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Getting to Know German Verb Tenses

"Tense" is the grammarians' preferred word for "time." Depending when the action that you're talking about is taking place, you pick a tense. The ways to look at the concept of time differ slightly from one language to the next, so the way tenses are used sometimes differs, too.

Looking at the present

The present tense is a very useful tense in German. You can get a long way with just this one tense. The German present tense corresponds to three forms in English. For example, ich denke (îH dên-ke) can be used as the equivalent of "I think," "I do think," or "I am thinking" in English. And depending on the context, German present tense may even be rendered with another tense, future or past, in English.

The present tense is used to describe what's happening now:

  • Was machst du gerade? (vâs mâHst dû ge-rah-de) (What are you doing right now?)
  • Ich lese die Zeitung. (îH leh-ze dee tsy-tûng) (I am reading the newspaper.)

The present tense can also describe what happens sometimes, usually, or always:

  • Freitags gehe ich oft ins Kino. (fry-tahgks geh-e îH ôft îns kee-nô) (On Fridays, I often go to the movies.)

The present tense can also describe what's going to happen:

  • Morgen fährt meine Freundin nach Dänemark. (môrgn fehrt my-ne froyn-dîn nâH dehne-mârk) (Tomorrow my girlfriend will drive to Denmark.)
  • Nächste Woche fahre ich nach Bremen. (naiH-ste -He fah-re îH nâH breh-men) (Next week I am going to drive to Bremen.)

This is a very common way of talking about future events in German, particularly if there's a time expression in the sentence that anchors the action clearly in the future — for example, nächste Woche (naiH-ste vô-He) (next week) or morgen (môrgn) (tomorrow).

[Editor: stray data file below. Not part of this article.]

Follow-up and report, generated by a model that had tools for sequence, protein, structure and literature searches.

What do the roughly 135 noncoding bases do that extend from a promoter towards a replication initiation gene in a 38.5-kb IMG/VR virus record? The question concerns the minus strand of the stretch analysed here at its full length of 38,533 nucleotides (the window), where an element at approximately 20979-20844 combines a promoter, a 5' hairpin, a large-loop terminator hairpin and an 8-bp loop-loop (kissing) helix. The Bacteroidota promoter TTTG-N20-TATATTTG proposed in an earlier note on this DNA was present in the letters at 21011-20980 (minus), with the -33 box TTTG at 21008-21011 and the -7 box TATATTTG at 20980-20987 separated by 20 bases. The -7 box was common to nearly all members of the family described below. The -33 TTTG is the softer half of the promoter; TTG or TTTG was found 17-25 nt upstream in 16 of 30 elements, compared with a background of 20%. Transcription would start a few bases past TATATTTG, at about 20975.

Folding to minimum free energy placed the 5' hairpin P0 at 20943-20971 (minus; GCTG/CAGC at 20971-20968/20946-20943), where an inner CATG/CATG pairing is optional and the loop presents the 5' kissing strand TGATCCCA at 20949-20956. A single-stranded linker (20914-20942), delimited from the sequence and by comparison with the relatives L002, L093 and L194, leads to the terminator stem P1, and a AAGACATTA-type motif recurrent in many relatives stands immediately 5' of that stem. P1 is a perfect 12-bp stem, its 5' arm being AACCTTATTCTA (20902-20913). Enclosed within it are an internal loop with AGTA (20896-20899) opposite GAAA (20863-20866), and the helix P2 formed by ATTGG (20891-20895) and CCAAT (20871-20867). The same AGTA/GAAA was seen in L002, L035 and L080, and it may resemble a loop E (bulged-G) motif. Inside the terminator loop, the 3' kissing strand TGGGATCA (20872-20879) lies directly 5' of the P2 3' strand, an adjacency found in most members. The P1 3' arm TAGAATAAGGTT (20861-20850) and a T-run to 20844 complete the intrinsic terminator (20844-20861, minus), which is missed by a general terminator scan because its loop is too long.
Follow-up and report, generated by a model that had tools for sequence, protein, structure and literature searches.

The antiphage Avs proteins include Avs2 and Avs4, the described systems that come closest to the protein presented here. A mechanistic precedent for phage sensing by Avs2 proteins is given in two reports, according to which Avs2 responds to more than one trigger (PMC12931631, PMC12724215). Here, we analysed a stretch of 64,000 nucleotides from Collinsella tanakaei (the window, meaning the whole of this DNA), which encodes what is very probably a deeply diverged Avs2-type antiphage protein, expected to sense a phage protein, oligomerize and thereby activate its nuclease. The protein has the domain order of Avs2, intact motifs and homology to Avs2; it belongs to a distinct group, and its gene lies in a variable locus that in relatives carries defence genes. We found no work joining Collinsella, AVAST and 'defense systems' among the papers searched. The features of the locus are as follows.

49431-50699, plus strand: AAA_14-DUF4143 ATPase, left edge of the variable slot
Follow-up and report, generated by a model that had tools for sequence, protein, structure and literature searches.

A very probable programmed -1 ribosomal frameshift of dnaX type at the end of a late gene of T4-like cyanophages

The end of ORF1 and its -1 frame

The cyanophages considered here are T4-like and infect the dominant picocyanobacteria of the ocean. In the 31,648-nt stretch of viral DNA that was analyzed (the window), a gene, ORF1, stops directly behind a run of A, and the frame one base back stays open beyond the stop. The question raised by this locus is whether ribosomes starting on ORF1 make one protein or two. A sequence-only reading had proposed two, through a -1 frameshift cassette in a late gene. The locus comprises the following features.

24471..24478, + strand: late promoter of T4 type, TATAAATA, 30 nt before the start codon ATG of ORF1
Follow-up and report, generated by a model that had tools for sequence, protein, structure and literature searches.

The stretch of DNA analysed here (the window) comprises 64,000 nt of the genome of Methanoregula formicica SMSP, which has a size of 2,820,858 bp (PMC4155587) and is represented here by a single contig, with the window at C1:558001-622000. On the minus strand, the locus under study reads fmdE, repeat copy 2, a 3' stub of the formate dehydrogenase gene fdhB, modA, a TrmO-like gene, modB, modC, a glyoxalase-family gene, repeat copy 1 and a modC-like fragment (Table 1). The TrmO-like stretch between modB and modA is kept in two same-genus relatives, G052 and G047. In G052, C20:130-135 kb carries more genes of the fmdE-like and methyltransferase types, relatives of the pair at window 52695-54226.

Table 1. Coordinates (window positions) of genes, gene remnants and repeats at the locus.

And finally, the present tense can also describe what's been happening up to now:

Ich bin seit drei Tagen in Hamburg. (îH bîn zyt dry tah-gn în hâm-bûrg) (I have been in Hamburg for three days.)

Note that English uses present perfect tense to say the same type of thing.

Talking about the past: Using the perfect tense

Perfect tense is the main past tense used in spoken German. It is very versatile: You can use it to talk about most actions and situations in the past. Contrast this with the English perfect tense (I have gone, I have read, and so on), which can only be used in certain specific contexts. For example, "I have seen Anna last week" would be incorrect English, but Ich habe Anna letzte Woche gesehen (îH hah-be ânâ lêts-te -He ge-zehn) is a correct German statement.

Most verbs form the perfect tense with the verb haben (hah-ben) (have):

  • David hat mir geholfen. (dah-veed hât meer ge-hôlfn) (David has helped me / has been helping me / helped me.)
  • Gestern haben wir ein Auto gekauft. (gês-tern hah-bn veer ayn ow-tô ge-kowft) (Yesterday we bought a car.)
  • Anna hat die Zeitung gelesen. (ânâ hât dee tsy-tûng ge-lehzn) (Anna has read the newspaper. / read the newspaper.)
  • Ich habe den Film gesehen. (îH hah-be dehn fîlm ge-zehn) (I have seen the film. / I saw the film.)

Certain verbs require sein (zyn) (to be) instead of haben (hah-ben) (to have) to form the perfect tense. These verbs often describe some form of movement or a state. Here are a few examples: